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Diwaali>

Diwali - Worship of Goddess Laxmi & Lord Ganesh

(Diwali on October 26, 2011 )

| When is Diwali in 2011| Diwali Legend |Diwali - Five days Celebration | Diwali Significance

| Dhanteras | Chhoti Diwali | Diwali Pooja | Govardhan Pooja | Bhaiduj | Laxmi Pooja | Ganesh Pooja |

| Diwali in Sikhism | Diwali in Jainism | Special Significance of Diwali |Diwali Pooja Process |
 

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When is Diwali in 2011 ?  

In 2011, Diwali is on 26th October.

Diwali or Deepawali (rows of light), is one of the major Indian festivals celebrated by people of almost all faiths. It is celebrated all over the country with equal enthusiasm. This festival of LIGHTS, is celebrated to commemorate the returning of Rama and Sita to their kingdom Ayodhya after fourteen years of exile. Deepawali symbolises the victory of righteousness and the lifting of spiritual darkness. It is the celebration of victory of good over evil - and the glory of light.

Though, Diwali is mainly a five- day festival but we can see people preparing Diwali weeks ahead by cleaning and decorating their households. The main festival day falls on the no-moon day of the dark half of Kartik, according to the Hindu lunar calendar. The magical view of cities , towns and villages lit up with Diyas (tiny clay oil lamps) creates an atmosphere of joy and festivity. Innumerable lamps are lit all over the houses, thus, giving an almost divine look to the whole scenario.

It is said that Lakshmi, The Goddess of wealth roams the earth on this day and enters the house that is pure, clean and brightly illuminated. Devotees worship the deities, Lakshmi and Ganesha, and share sweets and gifts with their relatives and friends. It is also the beginning of the new financial year for the business community. However, the main highlight of this festival of lights is the crackers and the fireworks.

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Five Days Celebration during Diwali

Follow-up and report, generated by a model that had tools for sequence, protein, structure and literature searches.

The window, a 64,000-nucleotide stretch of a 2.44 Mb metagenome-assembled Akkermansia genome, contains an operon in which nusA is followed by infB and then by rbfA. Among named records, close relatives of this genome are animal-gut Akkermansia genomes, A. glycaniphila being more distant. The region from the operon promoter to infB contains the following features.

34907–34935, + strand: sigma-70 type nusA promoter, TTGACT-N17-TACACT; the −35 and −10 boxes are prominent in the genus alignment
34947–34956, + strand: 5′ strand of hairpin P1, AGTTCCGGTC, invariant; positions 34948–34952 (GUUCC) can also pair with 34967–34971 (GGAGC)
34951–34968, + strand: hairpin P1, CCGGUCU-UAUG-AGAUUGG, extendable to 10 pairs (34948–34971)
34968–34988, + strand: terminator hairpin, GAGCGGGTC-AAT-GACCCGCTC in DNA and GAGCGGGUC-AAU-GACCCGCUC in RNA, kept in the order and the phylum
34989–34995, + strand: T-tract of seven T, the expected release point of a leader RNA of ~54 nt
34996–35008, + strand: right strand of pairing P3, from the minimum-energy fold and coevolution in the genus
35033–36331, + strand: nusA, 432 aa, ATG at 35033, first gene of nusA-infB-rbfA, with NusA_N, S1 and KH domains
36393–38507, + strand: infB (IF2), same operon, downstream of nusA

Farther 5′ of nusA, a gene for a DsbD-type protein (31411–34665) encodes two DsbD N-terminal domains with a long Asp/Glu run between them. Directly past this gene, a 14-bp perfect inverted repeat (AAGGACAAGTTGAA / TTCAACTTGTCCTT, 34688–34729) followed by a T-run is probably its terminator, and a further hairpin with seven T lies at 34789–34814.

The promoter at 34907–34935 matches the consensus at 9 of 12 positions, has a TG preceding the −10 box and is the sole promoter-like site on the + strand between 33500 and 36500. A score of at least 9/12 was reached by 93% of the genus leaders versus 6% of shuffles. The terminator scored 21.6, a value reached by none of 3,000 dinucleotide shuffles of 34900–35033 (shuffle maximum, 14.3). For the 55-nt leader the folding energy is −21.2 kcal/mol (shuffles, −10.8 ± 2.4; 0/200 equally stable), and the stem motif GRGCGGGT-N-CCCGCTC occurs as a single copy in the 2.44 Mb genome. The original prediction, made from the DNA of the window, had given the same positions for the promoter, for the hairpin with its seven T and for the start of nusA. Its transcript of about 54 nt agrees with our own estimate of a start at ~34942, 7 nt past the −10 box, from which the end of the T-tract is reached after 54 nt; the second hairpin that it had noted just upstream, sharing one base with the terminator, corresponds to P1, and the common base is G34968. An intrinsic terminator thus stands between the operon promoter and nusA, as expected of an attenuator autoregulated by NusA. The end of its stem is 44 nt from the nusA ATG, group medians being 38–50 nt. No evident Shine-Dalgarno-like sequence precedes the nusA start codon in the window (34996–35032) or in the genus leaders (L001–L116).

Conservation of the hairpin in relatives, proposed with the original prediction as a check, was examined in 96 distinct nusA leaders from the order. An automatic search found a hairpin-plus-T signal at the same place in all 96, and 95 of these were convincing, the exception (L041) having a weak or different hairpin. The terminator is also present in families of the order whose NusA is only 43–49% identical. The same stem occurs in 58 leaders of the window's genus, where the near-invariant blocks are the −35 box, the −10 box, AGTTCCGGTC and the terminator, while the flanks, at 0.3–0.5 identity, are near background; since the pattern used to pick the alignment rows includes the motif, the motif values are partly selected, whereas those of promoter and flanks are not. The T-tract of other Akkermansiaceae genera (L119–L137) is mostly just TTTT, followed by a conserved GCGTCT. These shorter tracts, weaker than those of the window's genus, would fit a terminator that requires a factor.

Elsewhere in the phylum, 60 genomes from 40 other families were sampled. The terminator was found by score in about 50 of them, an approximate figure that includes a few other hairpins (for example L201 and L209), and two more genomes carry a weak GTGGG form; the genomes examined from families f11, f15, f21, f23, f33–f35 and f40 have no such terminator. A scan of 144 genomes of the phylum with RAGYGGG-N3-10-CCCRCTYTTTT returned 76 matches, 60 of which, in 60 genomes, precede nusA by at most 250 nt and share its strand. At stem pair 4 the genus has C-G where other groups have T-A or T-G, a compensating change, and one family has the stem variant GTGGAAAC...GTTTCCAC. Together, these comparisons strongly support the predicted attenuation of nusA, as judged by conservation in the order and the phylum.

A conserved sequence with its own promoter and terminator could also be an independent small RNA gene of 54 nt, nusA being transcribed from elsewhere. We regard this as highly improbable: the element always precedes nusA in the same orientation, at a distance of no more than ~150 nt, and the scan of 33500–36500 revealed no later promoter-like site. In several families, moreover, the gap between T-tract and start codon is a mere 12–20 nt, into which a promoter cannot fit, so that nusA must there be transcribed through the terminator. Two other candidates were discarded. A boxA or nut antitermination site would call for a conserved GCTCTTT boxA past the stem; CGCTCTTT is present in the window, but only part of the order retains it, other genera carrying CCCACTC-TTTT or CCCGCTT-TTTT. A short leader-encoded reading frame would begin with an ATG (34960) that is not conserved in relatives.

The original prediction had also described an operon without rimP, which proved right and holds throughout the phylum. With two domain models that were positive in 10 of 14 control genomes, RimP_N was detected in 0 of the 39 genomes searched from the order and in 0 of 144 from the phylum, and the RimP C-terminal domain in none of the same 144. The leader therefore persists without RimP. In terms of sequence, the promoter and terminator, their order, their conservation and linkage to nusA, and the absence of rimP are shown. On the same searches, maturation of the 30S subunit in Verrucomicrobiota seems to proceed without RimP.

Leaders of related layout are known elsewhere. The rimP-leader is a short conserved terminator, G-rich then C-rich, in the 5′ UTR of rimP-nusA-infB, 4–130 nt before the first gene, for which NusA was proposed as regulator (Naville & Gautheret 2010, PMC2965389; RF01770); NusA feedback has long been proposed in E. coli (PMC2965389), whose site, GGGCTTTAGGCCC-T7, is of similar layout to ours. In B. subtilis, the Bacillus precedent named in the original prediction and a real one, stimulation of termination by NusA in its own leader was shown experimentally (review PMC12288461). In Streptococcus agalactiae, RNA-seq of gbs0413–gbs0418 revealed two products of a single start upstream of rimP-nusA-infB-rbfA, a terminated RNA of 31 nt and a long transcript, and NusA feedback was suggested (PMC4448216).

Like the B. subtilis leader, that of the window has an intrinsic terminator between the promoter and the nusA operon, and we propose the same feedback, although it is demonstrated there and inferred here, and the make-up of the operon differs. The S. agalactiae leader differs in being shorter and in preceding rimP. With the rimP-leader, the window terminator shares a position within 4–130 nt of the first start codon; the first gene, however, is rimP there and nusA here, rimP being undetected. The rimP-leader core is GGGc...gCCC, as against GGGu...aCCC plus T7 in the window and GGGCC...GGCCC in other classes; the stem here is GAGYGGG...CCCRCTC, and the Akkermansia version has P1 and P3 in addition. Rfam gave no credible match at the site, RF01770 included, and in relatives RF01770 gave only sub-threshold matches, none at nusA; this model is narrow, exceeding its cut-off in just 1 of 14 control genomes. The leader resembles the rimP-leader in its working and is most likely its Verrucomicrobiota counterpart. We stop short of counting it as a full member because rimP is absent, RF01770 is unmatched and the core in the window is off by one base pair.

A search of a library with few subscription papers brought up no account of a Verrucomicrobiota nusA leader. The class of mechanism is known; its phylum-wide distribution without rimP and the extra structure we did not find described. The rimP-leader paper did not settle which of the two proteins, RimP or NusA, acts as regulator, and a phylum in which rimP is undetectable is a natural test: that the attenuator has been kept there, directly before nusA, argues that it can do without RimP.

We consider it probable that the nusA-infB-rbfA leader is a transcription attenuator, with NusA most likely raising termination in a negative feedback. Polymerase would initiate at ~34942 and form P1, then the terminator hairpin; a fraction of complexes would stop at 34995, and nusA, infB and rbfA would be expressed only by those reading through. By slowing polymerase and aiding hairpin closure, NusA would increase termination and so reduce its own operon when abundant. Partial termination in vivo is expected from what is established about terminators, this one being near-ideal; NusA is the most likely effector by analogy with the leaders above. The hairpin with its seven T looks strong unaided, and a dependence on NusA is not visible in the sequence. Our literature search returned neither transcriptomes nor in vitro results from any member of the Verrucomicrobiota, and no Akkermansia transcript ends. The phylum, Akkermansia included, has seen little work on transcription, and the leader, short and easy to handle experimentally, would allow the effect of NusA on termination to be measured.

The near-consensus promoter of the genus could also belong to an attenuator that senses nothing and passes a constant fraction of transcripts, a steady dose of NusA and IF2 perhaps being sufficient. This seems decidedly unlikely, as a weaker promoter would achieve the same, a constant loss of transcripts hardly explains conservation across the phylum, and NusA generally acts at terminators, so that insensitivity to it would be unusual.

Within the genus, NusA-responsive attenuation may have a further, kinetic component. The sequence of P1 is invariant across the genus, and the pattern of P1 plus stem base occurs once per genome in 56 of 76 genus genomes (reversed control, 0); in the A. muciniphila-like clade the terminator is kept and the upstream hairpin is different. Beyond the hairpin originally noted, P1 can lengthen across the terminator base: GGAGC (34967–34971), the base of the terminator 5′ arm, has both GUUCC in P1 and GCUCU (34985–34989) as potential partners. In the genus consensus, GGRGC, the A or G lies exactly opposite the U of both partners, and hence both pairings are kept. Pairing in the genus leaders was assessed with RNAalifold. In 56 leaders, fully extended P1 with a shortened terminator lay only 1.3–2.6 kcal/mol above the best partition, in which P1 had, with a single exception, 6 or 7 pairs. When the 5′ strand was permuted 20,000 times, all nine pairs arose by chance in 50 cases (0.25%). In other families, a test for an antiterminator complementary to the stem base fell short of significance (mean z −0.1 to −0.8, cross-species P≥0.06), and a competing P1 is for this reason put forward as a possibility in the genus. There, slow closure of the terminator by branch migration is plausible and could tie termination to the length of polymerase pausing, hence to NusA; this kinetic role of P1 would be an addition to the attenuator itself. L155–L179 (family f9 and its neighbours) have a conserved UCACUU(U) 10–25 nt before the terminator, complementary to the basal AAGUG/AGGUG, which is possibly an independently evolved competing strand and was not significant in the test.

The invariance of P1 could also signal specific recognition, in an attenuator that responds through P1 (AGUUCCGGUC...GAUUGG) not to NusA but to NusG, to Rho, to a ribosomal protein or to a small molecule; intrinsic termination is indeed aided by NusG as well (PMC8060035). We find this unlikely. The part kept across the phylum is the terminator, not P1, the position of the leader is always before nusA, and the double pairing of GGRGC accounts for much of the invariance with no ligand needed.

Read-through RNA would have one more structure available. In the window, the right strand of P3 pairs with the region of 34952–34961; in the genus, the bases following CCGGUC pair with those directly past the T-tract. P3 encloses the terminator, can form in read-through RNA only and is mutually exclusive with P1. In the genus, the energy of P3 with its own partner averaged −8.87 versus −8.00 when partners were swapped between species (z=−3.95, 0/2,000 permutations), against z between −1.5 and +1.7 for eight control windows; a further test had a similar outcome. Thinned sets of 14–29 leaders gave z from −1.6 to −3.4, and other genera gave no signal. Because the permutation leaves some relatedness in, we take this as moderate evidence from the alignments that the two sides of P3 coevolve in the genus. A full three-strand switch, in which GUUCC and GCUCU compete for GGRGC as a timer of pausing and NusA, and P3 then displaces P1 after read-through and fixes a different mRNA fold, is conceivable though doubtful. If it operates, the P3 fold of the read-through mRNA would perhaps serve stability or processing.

24th Oct : Dhan-trayodashi or Dhanteras: Dhan means "wealth" and Trayodashi means "13th day". Thus, as the name implies, this day falls on the 13th day of the second half of the lunar month. It is an auspicious day for shopping.


25th Oct : Naraka Chaturdasi: Chaturdasi is the fourteenth day on which demon Narakasura was killed. It signifies the victory of good over evil and light over darkness. In south India, this is the actual day of festivities. Hindus wake up way before dawn as early as 2.00 in the morning, have a fragrant oil bath and wear new clothes. They light small lamps all around the house and draw elaborate kolams /rangolis outside their homes. They perform a special puja with offerings to Lord Sri Krishna or Lord Sri Vishnu, as he liberated the world from the demon Narakasura on this day. It is believed that taking a bath before sunrise, when the stars are still visible in the sky is equivalent to taking a bath in the holy Ganges. Hence, when people greet each other in the morning, they ask "Have you performed your Ganga Snaanam?".

After the puja, children burst firecrackers heralding the defeat of the demon. As this is a day of rejoicement, many will have very elaborate breakfasts and lunches and meet family and friends. In the evening, lamps are again lit and Goddess Lakshmi is worshipped and offered special dishes. This being a no moon day, many will offer special tarpana (offerings of water and sesame seeds) to their ancestors.
 

26th Oct :  Diwali: the actual day of Diwali, is celebrated on the third day of the festival, when the moon completely wanes and total darkness sets in the night sky.


27th Oct :Govardhan Puja or Annakut, is celebrated as the day Krishna defeated Indra. For Annakut a mountain of food is decorated symbolizing Govardhan mountain lifted by Lord Krishna. In Maharashtra it is celebrated as Padva or BaliPratipada. The day commemorates King Bali. Men present gifts to their wives on this day.
 

28th Oct : Bhaiduj (also Bhayyaduj, Bhaubeej or Bhayitika) on this day, brothers and sisters meet to express their love and affection for each other (Gujarati: Bhai Bij, Bengali: Bhai Phota). Most Indian festivals bring together families, Bhaiduj brings together married sisters and brothers, and is a significant festive day for them. This festival is ancient, and pre-dates 'Raksha Bandhan' another brother-sister festival being celebrated today.


 

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Diwali Legend
 

Goddess Lakshmi : The Goddess of wealth, Lakshmi was incarnated on the new moon day (amaavasyaa) of the Kartik month during the churning of the ocean (samudra-manthan), hence the association of Diwali with Lakshmi.

Vishnu Rescued Lakshmi: On this very day, Lord Vishnu in his fifth incarnation as Vaman-avtaara rescued Lakshmi from the prison of King Bali and this is another reason of worshipping Ma Larkshmi on Diwali.

Krishna Killed Narakaasur: On the day preceding Diwali, Lord Krishna killed the demon king Narakaasur and rescued 16,000 women from his captivity. The celebration of this freedom went on for two days including the Diwali day as a victory festival.